Every day is a school day

Every day is a school day,  and the Gothic Folly is definitely throwing up some unusual terms and features.  Paul Coleman, Project Manager and Building Surveyor continues…..

Crenels, crenulation, merlons, machicolation, battlements, embrasures, coping and cap stones are all part of what made the ruin at Wimpole such a striking feature in the landscape giving it that sham castle appearance.  So what are these and why are they here?

When Sanderson Miller designed the Folly (1749-51) and when it was built in 1772, the intension was for it to have a romantic, castle-like appearance with mock fortifications; places from which to view the approaching enemy and defend your property. So we see a familiar castle design with stepped stone features, also called ‘crows teeth’ or crenulations.

Sanderson Miller’s original sketch

However, these features at the top of the building were constructed in a stone called clunch, a very very soft chalk limestone which in external locations does not weather that well and can suffer from rapid deterioration.  Exactly what happened at the Folly 100 years after its construction (1881), when we see the signs of the ruin becoming damaged by exposure to weather and the fortifications in a crumbling state. 

1881

1881; crenulations deteriorating

 By the early 1900s they were in such a state with stonework failing and falling that they were eventually removed and replaced with a brick substitute.  So began the demise of the romantic appearance, with hard brickwork topping the tower.

early 1900s, stone replaced with brickwork

early 1900s, stone replaced with brickwork

1930s, further stone replaced with brickwork

1930s, further stone replaced with brickwork

Later in the 1980s the castellated effect was removed completely and we were left with a brick plain top with no character or reference to its former battlements.

As it is today, before restoration

figure 4c

A bald tower?

figure 4a Current (2)

Up on the roof…

figure 4b current

1980s flat brickwork to be replaced

All very well but what do those terms mean?

Battlements adorn the top of all good castles, town walls and churches; they are low walls for protection, tooth shaped in appearance with gaps where soldiers would stand to defend the building, popping out through the gaps to shoot the enemy with arrows or other missiles. The raised section between the gaps are the merlons.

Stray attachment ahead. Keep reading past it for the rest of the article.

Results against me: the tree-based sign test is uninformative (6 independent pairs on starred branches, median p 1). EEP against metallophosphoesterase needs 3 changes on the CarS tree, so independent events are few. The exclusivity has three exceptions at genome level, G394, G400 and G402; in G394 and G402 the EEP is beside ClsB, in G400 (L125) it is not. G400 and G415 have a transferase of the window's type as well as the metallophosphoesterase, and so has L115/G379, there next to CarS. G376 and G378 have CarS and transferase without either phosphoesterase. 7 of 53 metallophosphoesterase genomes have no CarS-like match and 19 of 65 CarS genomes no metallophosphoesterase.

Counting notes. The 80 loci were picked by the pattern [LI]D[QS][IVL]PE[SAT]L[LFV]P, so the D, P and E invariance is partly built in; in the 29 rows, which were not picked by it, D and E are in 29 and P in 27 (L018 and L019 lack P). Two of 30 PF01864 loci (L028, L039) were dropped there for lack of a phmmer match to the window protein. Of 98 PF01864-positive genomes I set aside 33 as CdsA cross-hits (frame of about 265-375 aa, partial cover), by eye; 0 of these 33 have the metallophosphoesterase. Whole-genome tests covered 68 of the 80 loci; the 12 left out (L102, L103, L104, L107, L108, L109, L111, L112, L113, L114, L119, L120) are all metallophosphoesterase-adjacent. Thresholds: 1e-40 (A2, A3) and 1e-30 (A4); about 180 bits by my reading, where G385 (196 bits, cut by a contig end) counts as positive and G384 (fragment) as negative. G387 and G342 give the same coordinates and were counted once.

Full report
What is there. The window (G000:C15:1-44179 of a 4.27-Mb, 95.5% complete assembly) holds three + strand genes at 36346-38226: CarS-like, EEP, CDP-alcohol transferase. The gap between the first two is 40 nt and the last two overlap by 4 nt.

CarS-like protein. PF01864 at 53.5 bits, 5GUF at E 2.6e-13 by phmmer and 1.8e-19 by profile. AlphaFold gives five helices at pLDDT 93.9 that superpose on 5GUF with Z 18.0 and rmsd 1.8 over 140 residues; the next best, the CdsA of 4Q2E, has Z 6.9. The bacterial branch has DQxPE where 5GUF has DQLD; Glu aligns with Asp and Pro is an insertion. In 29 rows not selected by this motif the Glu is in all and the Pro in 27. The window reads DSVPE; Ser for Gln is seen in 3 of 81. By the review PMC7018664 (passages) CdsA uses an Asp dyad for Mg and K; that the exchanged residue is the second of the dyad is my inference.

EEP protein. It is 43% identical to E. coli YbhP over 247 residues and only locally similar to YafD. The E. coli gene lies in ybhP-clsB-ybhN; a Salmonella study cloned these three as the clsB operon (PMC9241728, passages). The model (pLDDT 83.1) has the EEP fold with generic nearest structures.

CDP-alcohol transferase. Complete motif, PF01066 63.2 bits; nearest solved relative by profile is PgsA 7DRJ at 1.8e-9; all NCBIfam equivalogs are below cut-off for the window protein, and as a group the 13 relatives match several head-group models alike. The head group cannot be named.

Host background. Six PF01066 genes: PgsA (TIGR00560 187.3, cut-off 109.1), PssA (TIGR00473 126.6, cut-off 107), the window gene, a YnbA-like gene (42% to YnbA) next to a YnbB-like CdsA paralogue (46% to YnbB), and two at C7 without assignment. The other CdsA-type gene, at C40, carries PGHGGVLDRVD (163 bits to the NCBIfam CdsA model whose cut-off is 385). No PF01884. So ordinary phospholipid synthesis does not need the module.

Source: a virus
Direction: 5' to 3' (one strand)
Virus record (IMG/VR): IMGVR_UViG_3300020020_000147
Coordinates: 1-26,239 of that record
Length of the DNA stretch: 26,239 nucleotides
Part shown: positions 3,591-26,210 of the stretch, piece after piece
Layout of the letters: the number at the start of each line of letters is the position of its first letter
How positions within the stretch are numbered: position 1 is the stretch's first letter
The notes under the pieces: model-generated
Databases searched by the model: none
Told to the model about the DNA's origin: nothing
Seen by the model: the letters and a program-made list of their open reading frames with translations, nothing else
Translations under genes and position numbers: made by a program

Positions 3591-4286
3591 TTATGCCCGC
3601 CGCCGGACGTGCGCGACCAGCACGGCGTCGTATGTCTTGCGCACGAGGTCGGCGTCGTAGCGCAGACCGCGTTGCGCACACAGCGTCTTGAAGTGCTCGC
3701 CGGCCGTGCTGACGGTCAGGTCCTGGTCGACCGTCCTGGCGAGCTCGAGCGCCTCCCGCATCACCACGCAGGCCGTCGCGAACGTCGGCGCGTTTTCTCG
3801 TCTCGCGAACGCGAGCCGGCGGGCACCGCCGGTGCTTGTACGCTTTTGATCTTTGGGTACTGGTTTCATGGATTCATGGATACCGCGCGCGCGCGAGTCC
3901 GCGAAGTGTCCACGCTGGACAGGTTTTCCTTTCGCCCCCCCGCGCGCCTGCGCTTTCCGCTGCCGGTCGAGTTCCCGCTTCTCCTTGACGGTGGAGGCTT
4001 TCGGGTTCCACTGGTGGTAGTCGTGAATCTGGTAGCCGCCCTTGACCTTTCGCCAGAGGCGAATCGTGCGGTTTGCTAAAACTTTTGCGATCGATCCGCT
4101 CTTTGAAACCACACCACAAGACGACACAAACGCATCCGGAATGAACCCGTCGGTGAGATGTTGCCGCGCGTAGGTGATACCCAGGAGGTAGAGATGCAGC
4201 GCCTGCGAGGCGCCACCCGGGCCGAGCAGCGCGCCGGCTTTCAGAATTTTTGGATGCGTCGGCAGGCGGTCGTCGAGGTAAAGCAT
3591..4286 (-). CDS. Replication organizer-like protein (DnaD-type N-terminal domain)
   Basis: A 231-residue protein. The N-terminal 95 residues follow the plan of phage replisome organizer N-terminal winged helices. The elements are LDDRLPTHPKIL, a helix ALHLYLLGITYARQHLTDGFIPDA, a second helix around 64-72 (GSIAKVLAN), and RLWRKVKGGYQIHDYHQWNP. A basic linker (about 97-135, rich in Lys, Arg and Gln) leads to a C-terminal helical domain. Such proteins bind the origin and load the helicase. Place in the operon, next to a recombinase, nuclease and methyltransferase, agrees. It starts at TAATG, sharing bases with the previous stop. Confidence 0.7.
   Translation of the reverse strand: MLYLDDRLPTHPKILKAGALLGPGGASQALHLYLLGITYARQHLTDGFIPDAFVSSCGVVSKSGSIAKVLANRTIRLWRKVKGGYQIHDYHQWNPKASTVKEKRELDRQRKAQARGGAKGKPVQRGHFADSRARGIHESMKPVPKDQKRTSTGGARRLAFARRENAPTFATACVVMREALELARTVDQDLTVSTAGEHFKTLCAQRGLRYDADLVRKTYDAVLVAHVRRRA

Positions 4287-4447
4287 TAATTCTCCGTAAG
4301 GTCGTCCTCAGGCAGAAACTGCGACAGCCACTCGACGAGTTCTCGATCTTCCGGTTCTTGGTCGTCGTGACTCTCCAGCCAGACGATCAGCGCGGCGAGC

So the technical bit, the up and down shape (tooth shape) has solid walls and gaps. A merlon is the solid upright bit of the battlement; merlons sometime have slits designed in them for looking through or firing – these are shown on Miller’s original drawings from 1749, however were never built into the stonework.  The space between merlons (the gaps) are called crenels.  The up and down appearance of merlons and crenels is called a crenulation.

 Where crenels (the gaps) were designed to fire cannons, they were called embrasures.

 To add some different terms, merlons can also be referred to a cops or kneelers.

The stones which cover a merlon (the very top piece) are called a cap stone or coping stone, used to protect and provide weathering to the wall.

And finally, machicolations: a very effective way of defending your castle.  They are an opening at high level where the battlements are stepped out to overhang the wall.  The opening allows stones, burning objects or boiling oil to be dropped onto your attacker.  These were common in European castles however when used in English buildings where more common on entry points to be defended such as gateways and draw bridges.

However, as the Folly is a sham, so are the crenulations and machicolations!  They were never used in anger or for defence but to add to the castle-like appearance of the building.

The current works at the Folly will see the 20th century brickwork at the top of the building removed and replaced with new stonework to replicate the historic design.  We are using old photographs and Sanderson Miller’s original pen and ink sketches to recreate the scale, design and appearance.

These works and the conservation of the stone can be seen first hand with our guided tours and you can gain access to the scaffold to see how we are repairing the building.  Why not challenge a guide to tell their machicolations from their crenulations when you go?!

Advertisements

One thought on “Every day is a school day

  1. Pingback: Gothic Tower gets a face-lift | National Trust in the East

Leave a Reply

Fill in your details below or click an icon to log in:

WordPress.com Logo

You are commenting using your WordPress.com account. Log Out /  Change )

Google+ photo

You are commenting using your Google+ account. Log Out /  Change )

Twitter picture

You are commenting using your Twitter account. Log Out /  Change )

Facebook photo

You are commenting using your Facebook account. Log Out /  Change )

Connecting to %s